The original tagline for Richard Donner’s 1978 Superman film was, “you’ll believe a man can fly”, but even that doesn’t compare to the sense of awe you’ll feel while witnessing Robert Zemeckis’ The Walk.
⭐ ⭐ ⭐ ⭐ ½
Whether it’s scaling Everest or visiting Mars, the spirit of human endeavour makes for rich cinematic viewing, and nowhere is that more evident than in Robert Zemeckis’ visually-stunning balancing act, The Walk. Starring Joseph Gordon-Levitt as Philippe Petit, a peculiar Frenchman who astounded the world by attempting a daring high-wire stunt between the two towers of the World Trade Centre in 1974, this is one biopic that doesn’t get bogged down in melodrama, and instead revolves around a single exceptional act that’ll leave your jaw agape in wonderment.
As Petit, Gordon-Levitt gives a whimsical performance that isn’t overshadowed by the technical wizardry swirling around him. His wig, contact lenses and accent might be a little disconcerting at first, but JGL overcomes the eccentricities of his character to woo the audience through a combination of wry humour and wide-eyed fascination.
We’re presented with an opening act that charts Petit’s rural upbringing, followed by his Parisian street performance phase where he meets his future girlfriend and partner-in-crime, Annie (Charlotte Le Bon). Thankfully, this sequence doesn’t drag, and we’re soon whisked across to America where the tone shifts from meandering biopic to high-stakes heist film. Once Zemeckis roots the film firmly on the beautifully recreated streets of 70’s New York, the film jumps up several notches; new accomplices for Philippe’s coup are introduced (James Badge Dale, Clement Sibony, Ben Schwartz), a plan begins to take shape, and the whole thing begins to feel decidedly Ocean’s Eleven.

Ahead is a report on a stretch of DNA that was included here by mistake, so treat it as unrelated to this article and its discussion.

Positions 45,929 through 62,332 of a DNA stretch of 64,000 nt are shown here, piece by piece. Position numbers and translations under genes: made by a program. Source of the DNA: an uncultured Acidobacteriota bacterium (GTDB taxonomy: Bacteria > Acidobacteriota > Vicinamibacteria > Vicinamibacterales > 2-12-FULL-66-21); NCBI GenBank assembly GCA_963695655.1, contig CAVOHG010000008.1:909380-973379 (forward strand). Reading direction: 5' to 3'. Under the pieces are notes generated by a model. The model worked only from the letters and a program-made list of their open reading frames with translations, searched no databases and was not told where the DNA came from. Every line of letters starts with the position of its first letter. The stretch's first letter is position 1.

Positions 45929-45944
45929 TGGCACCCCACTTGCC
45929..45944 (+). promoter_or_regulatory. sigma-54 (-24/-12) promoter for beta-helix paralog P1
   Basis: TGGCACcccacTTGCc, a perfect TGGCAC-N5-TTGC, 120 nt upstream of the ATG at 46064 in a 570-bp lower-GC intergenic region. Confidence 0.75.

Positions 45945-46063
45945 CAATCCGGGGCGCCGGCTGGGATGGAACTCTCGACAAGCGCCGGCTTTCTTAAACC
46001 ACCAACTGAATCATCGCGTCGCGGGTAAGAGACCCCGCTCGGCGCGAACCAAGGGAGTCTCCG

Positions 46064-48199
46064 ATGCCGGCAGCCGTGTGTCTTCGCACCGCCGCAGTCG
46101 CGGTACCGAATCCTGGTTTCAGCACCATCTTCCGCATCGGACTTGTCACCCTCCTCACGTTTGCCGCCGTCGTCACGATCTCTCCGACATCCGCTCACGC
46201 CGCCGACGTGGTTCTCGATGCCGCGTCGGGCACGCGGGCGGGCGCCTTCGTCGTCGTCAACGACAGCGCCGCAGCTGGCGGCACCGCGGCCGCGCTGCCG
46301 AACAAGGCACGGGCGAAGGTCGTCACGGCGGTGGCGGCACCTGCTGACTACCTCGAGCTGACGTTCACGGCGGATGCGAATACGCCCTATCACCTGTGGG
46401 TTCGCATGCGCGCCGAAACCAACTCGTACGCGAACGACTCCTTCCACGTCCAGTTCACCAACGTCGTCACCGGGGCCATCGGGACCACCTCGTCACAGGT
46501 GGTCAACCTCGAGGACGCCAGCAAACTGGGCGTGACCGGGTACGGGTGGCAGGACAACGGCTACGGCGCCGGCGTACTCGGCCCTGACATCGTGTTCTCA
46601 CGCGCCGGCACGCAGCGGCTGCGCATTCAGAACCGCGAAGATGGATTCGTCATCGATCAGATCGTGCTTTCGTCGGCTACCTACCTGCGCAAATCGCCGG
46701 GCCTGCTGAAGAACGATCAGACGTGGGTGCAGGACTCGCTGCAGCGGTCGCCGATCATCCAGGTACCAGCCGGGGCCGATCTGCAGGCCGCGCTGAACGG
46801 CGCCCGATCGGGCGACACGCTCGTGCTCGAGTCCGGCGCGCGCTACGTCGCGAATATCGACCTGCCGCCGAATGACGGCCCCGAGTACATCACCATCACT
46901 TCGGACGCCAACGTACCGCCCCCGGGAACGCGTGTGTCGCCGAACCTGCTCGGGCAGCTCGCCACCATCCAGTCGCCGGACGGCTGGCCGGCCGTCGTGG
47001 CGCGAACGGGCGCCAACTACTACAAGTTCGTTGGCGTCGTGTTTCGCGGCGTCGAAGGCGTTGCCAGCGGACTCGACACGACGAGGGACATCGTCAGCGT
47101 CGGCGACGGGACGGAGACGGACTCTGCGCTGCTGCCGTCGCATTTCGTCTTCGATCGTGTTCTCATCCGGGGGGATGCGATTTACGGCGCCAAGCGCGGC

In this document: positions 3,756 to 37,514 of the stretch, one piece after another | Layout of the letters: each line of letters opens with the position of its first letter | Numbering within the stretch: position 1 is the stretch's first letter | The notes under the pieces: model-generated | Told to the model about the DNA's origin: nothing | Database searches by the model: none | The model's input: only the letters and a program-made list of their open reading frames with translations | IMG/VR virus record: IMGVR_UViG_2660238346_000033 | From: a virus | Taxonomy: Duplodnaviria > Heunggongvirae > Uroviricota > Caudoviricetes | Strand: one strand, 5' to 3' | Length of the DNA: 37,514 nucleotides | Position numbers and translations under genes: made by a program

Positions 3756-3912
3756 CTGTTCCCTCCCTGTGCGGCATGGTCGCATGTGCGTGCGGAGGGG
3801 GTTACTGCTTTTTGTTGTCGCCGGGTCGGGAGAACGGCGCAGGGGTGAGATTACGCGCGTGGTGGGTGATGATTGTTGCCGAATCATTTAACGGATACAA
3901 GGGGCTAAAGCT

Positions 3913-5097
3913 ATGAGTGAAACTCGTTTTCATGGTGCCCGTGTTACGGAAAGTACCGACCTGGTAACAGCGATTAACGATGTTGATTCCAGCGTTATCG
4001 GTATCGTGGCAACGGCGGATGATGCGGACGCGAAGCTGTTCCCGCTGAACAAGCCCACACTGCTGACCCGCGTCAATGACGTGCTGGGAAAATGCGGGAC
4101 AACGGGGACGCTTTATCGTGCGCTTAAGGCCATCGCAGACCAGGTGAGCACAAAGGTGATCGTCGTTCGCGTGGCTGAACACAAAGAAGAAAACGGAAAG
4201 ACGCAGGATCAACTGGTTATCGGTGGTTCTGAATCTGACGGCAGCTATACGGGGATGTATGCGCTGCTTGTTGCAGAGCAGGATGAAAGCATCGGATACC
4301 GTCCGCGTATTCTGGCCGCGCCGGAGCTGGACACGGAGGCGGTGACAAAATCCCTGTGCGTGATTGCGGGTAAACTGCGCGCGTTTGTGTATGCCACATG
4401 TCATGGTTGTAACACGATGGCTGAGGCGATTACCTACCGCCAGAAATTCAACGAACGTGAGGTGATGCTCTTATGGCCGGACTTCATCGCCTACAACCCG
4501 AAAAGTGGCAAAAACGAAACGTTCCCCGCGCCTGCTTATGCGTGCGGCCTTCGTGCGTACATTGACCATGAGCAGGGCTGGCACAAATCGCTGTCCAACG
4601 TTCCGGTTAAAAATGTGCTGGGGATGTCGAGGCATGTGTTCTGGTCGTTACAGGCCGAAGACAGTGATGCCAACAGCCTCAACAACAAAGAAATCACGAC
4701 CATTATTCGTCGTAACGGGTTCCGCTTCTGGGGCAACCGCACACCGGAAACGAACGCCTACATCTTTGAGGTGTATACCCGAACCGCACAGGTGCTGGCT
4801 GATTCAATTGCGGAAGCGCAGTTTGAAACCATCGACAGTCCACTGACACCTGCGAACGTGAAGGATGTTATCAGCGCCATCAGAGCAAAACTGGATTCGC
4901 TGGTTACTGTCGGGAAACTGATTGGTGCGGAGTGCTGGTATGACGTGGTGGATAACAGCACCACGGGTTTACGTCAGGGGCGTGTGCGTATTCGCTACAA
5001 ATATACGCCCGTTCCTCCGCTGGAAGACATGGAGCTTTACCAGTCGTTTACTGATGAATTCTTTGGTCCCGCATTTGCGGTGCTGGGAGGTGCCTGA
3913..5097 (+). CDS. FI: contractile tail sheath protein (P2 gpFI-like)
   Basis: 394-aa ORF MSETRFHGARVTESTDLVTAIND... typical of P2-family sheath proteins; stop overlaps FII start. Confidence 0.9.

And then, finally, the film reaches the dizzying climax atop the World Trade Centre. To call this sequence a master class of suspense building, and seamless special effects would be an understatement; it’s an eye-wateringly realistic piece of filmmaking that’ll make your knees wobble, skin shiver and palms sweat. As Philippe steps out onto the wire, you’re so engrossed in the moment that you can almost feel the wind on your face, and the gaping chasm stretching out beneath you.
Plus, the addition of 3D further heightens this sense of immersion; witnessed on a vast Cinemax screen, this is one nail-biting scene that needs to be seen to be believed – if you’ll pardon the cliché. The film isn’t just an astounding accomplishment in VFX though; it’s also a love letter to New York and the World Trade Centre in particular; the closing shot sees the two iconic towers gently glow gold in the warm Atlantic sun, and they’re very much a fully-fleshed character of their own throughout the entire movie.
That being said, there are one or two elements that felt out of place or undercooked; Ben Kingsley is really just there to collect a pay check as Papa Rudy, Philippe’s circus mentor, whilst Zemeckis employs this odd framing device that sees Gordon-Levitt stand atop the Statue of Liberty providing narration on the story as it unfolds.
Nit-picks aside, The Walk is an engrossing cinema experience that a DVD rental or download just wouldn’t do justice. It delicately sidesteps conventional biopic pitfalls, and instead delivers a jaw-dropping crescendo that will make your heart race. Do yourself a favour and seek this one out – if you’re not afraid of falling that is…
The Walk is available in Australian cinemas from October 15th
Images courtesy of Sony Pictures